Picture map of Europe with pins indicating European capital cities

Open Access research with a European policy impact...

The Strathprints institutional repository is a digital archive of University of Strathclyde's Open Access research outputs. Strathprints provides access to thousands of Open Access research papers by Strathclyde researchers, including by researchers from the European Policies Research Centre (EPRC).

EPRC is a leading institute in Europe for comparative research on public policy, with a particular focus on regional development policies. Spanning 30 European countries, EPRC research programmes have a strong emphasis on applied research and knowledge exchange, including the provision of policy advice to EU institutions and national and sub-national government authorities throughout Europe.

Explore research outputs by the European Policies Research Centre...

Cooperative Learning in Scotland. Perspectives on the role of cooperative learning in supporting curricular policy and innovation

McAlister, Clare (2010) Cooperative Learning in Scotland. Perspectives on the role of cooperative learning in supporting curricular policy and innovation. In: The European Conference on Educational research 2010, 2010-08-23 - 2011-06-27. (Unpublished)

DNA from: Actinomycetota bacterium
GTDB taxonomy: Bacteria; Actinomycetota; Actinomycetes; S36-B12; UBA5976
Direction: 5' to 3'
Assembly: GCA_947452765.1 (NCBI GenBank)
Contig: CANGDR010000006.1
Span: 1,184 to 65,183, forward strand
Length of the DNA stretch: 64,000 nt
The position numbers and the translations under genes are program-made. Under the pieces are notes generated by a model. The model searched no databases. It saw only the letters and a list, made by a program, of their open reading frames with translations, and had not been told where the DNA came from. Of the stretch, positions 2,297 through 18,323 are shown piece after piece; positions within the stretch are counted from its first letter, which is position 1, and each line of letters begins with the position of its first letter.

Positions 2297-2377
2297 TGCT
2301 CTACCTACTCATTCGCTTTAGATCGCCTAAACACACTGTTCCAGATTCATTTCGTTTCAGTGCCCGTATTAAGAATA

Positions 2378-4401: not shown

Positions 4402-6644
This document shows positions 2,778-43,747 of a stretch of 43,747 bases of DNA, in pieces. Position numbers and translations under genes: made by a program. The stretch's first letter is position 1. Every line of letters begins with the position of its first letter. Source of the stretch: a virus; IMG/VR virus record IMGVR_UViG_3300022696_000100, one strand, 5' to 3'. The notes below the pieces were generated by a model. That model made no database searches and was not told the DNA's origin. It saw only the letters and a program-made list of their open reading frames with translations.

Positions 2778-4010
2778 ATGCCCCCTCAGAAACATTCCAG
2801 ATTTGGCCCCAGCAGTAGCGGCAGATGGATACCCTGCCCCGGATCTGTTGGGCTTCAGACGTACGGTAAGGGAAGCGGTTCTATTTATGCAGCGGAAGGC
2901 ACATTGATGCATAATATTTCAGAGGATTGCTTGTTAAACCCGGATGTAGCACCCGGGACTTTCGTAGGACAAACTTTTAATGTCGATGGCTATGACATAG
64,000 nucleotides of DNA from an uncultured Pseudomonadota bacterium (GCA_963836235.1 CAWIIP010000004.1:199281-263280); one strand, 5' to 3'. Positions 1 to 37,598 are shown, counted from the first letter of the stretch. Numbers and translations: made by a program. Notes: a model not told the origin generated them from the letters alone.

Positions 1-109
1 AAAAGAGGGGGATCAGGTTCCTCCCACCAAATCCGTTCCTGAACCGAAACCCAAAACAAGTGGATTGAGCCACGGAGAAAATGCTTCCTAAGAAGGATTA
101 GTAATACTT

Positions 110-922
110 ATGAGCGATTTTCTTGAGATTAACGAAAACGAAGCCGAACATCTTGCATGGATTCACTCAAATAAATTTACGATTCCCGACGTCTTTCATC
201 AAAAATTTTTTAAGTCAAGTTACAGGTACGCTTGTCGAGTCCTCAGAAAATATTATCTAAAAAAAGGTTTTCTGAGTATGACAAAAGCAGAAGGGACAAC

PDF (strathprints020164.pdf)

Download (105kB) | Preview


The stated aim of the new Curriculum for Excellence is to deliver an education system in Scotland that meets the demands of the 21st Century. The new curriculum has been the subject of controversy relating to its capacity to support learning and the approaches to learning and teaching it advocates. The changes in curriculum require developments, for some practitioners, in how learning and teaching takes place with a focus on active learning. This paper explores whether one active learning strategy, cooperative learning, can assist teachers in delivering the new curriculum. Cooperative learning is a pedagogy that has been the focus of significant research in the United States and Canada with developing interest in a variety of countries (Gillies 2000; Gillies & Boyle 2005; Johnson 1993; Johnson 1985; Kagan & Kagan 2009; Slavin 1984; Weigmann 1992) but to date the research in the UK is limited. This paper explores findings on cooperative learning in a global context and through a case study in Scotland. The case study reported in this paper reflects on the responses of pupils to the introduction of cooperative learning in a secondary school in Scotland and the ways in which this approach appeared to support them in developing the four capacities of the new curriculum.